Contents1 Definition 2 Variations 3 Indicators 4 Examples 5 Barriers 6 See also 7 References Definition In the study of economics and market competition, collusion takes place within an industry when rival companies cooperate for their mutual benefit. Collusion most often takes place within the market structure of oligopoly, where the decision of a few firms to collude can significantly impact the market as a whole. Cartels are a special case of explicit collusion. Collusion which is not overt, on the other hand, is known as tacit collusion. Variations According to neoclassical price-determination theory and game theory, the independence of suppliers forces prices to their minimum, increasing efficiency and decreasing the price determining ability of each individual firm. However, if firms collude to all increase prices, loss of sales is minimized, as consumers lack alternative choices at lower prices. This benefits the colluding firms at the cost of efficiency to society.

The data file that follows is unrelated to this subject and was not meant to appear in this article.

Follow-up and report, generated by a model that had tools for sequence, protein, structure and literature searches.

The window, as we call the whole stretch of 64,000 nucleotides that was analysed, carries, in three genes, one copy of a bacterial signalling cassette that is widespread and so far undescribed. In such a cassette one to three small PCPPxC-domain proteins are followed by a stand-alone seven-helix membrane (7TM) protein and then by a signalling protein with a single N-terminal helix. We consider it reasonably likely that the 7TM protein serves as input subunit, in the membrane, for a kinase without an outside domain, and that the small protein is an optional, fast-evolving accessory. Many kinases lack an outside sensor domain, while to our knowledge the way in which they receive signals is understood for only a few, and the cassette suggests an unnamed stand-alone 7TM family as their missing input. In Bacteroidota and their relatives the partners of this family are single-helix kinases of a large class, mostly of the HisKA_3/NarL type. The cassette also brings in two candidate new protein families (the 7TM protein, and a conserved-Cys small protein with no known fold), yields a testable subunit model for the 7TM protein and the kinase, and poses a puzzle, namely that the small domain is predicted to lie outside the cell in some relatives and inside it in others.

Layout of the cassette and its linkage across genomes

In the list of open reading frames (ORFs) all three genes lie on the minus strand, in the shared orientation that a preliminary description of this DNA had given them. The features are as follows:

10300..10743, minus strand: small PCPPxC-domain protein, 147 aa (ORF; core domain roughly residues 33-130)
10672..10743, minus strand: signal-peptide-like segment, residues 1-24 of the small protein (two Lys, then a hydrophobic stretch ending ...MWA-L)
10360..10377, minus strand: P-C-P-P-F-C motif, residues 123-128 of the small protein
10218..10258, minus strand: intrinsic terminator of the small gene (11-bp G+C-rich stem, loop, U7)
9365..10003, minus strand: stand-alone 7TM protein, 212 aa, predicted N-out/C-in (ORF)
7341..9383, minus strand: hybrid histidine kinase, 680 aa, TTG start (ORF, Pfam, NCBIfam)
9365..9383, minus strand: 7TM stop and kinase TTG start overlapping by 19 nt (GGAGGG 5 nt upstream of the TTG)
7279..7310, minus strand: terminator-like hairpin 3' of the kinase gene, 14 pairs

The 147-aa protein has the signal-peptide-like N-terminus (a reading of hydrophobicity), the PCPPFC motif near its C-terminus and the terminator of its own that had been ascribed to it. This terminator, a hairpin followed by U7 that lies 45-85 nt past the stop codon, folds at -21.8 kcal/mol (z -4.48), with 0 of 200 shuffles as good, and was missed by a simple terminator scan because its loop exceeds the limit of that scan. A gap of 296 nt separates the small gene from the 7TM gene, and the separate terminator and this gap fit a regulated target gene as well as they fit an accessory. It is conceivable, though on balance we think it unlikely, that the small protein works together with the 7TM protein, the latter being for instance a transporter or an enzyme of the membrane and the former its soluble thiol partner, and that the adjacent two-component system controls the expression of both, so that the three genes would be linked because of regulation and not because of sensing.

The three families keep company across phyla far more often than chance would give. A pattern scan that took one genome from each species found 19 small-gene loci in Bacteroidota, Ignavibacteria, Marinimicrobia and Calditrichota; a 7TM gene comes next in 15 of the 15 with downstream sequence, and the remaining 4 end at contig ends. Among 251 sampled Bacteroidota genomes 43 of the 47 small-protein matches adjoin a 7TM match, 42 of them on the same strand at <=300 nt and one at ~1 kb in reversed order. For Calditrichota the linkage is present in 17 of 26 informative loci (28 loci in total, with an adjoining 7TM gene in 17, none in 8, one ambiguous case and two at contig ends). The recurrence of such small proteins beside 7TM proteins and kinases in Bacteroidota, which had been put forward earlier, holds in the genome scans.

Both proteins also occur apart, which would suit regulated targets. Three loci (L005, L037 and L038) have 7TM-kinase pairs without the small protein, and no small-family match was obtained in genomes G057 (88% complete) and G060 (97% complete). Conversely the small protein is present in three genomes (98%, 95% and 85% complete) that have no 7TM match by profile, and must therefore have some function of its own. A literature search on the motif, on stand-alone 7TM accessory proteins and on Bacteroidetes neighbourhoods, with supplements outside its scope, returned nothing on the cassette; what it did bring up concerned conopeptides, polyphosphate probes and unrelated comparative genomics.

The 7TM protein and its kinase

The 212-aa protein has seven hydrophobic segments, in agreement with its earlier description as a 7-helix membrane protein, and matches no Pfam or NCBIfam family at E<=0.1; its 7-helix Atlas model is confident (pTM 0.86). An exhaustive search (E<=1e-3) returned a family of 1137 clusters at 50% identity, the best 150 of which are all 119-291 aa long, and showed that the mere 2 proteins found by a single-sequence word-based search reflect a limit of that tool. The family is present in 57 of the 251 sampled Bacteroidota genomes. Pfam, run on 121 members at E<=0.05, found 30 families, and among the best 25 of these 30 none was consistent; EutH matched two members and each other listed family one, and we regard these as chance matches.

One variation of this traditional theory
One variation of this traditional theory is the theory of kinked demand. Firms face a kinked demand curve if, when one firm decreases its price, other firms will follow suit in order to maintain sales, and when one firm increases its price, its rivals are unlikely to follow, as they would lose the sales' gains that they would otherwise get by holding prices at the previous level.